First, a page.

Idealized phase diagrams illustrating where methane hydrate is stable in marine and permafrost settings. Hydrate can exist at depths where the temperature (blue curve) is less than the maximum stability temperature for gas hydrate (orange curve). Pressure and temperature both increase with depth in the Earth. Although hydrates can exist at warmer temperatures when the pressure is high (orange curve), the temperature at depth (blue curve) gets too hot for hydrate to be stable, limiting hydrate stability to the upper ~1km or less of sediment. The presence of salt, a gas hydrate inhibitor, shifts the gas hydrate stability curve (orange) to lower temperatures, decreasing the depth range of the gas hydrate stability zone. For seawater, this decrease is approximately 1.1°C (Dickens and Quinby-Hunt, 1994).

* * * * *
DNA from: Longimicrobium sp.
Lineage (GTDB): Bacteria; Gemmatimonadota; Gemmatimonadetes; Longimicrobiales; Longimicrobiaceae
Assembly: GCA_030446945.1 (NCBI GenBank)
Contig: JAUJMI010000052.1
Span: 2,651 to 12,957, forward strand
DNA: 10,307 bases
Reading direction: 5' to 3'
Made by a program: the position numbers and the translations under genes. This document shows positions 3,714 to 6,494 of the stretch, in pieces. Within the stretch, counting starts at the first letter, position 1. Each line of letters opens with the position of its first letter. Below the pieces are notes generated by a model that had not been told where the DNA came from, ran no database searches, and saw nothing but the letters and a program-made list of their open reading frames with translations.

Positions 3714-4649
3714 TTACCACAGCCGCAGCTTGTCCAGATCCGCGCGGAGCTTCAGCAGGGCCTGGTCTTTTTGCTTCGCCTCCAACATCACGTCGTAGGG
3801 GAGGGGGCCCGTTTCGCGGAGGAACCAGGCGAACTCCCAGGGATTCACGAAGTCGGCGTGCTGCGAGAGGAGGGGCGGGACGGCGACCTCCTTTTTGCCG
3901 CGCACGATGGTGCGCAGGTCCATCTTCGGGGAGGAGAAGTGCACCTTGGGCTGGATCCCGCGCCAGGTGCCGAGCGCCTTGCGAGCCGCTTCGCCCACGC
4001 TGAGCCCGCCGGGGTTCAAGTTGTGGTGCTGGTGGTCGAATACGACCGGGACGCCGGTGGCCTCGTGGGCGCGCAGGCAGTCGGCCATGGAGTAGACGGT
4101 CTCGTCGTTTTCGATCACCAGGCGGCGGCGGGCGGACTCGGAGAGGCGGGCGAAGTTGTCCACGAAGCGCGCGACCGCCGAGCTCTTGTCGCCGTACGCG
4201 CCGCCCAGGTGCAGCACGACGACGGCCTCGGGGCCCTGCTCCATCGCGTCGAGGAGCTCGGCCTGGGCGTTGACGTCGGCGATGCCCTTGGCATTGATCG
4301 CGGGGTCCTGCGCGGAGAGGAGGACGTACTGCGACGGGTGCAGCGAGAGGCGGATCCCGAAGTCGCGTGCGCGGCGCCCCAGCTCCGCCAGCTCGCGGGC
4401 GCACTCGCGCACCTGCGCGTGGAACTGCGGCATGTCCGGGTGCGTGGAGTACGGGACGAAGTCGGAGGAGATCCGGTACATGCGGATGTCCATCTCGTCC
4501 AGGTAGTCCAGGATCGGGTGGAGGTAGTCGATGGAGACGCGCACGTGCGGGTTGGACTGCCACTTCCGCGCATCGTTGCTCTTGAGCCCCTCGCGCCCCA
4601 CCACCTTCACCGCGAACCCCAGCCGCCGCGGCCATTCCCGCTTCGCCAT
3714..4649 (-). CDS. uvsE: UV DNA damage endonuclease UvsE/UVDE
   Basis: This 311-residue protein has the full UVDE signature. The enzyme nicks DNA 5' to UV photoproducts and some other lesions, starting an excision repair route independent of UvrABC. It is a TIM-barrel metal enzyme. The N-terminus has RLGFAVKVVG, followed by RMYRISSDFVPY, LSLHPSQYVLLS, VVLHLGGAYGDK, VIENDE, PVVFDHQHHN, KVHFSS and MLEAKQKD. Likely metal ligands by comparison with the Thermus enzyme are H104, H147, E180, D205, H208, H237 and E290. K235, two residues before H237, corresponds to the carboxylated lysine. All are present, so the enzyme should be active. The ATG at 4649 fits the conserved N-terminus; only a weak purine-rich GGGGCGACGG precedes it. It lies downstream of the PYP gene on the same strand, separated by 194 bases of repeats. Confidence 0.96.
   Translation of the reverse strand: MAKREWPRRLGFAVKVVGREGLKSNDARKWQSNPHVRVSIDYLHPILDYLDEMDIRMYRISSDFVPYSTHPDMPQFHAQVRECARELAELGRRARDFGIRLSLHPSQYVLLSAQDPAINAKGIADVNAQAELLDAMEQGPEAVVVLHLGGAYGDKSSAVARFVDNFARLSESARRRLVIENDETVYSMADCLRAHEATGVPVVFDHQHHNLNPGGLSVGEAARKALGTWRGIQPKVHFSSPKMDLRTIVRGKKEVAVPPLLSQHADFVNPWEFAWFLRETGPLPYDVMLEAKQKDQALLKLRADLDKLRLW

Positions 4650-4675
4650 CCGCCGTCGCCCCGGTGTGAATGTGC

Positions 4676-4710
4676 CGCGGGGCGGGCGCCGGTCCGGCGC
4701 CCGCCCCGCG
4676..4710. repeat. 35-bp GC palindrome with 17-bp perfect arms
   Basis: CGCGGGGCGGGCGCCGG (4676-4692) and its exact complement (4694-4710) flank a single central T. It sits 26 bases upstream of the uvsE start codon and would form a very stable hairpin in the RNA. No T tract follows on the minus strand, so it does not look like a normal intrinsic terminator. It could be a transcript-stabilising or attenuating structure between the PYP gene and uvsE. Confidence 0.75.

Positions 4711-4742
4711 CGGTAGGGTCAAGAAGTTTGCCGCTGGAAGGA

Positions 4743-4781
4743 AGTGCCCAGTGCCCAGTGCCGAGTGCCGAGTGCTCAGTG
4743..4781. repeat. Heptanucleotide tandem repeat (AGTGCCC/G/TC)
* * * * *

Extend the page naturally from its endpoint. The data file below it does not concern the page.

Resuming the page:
For any form of publication, please include the link to this page:
From collection: Frozen Heat - A Global Outlook on Methane Gas Hydrates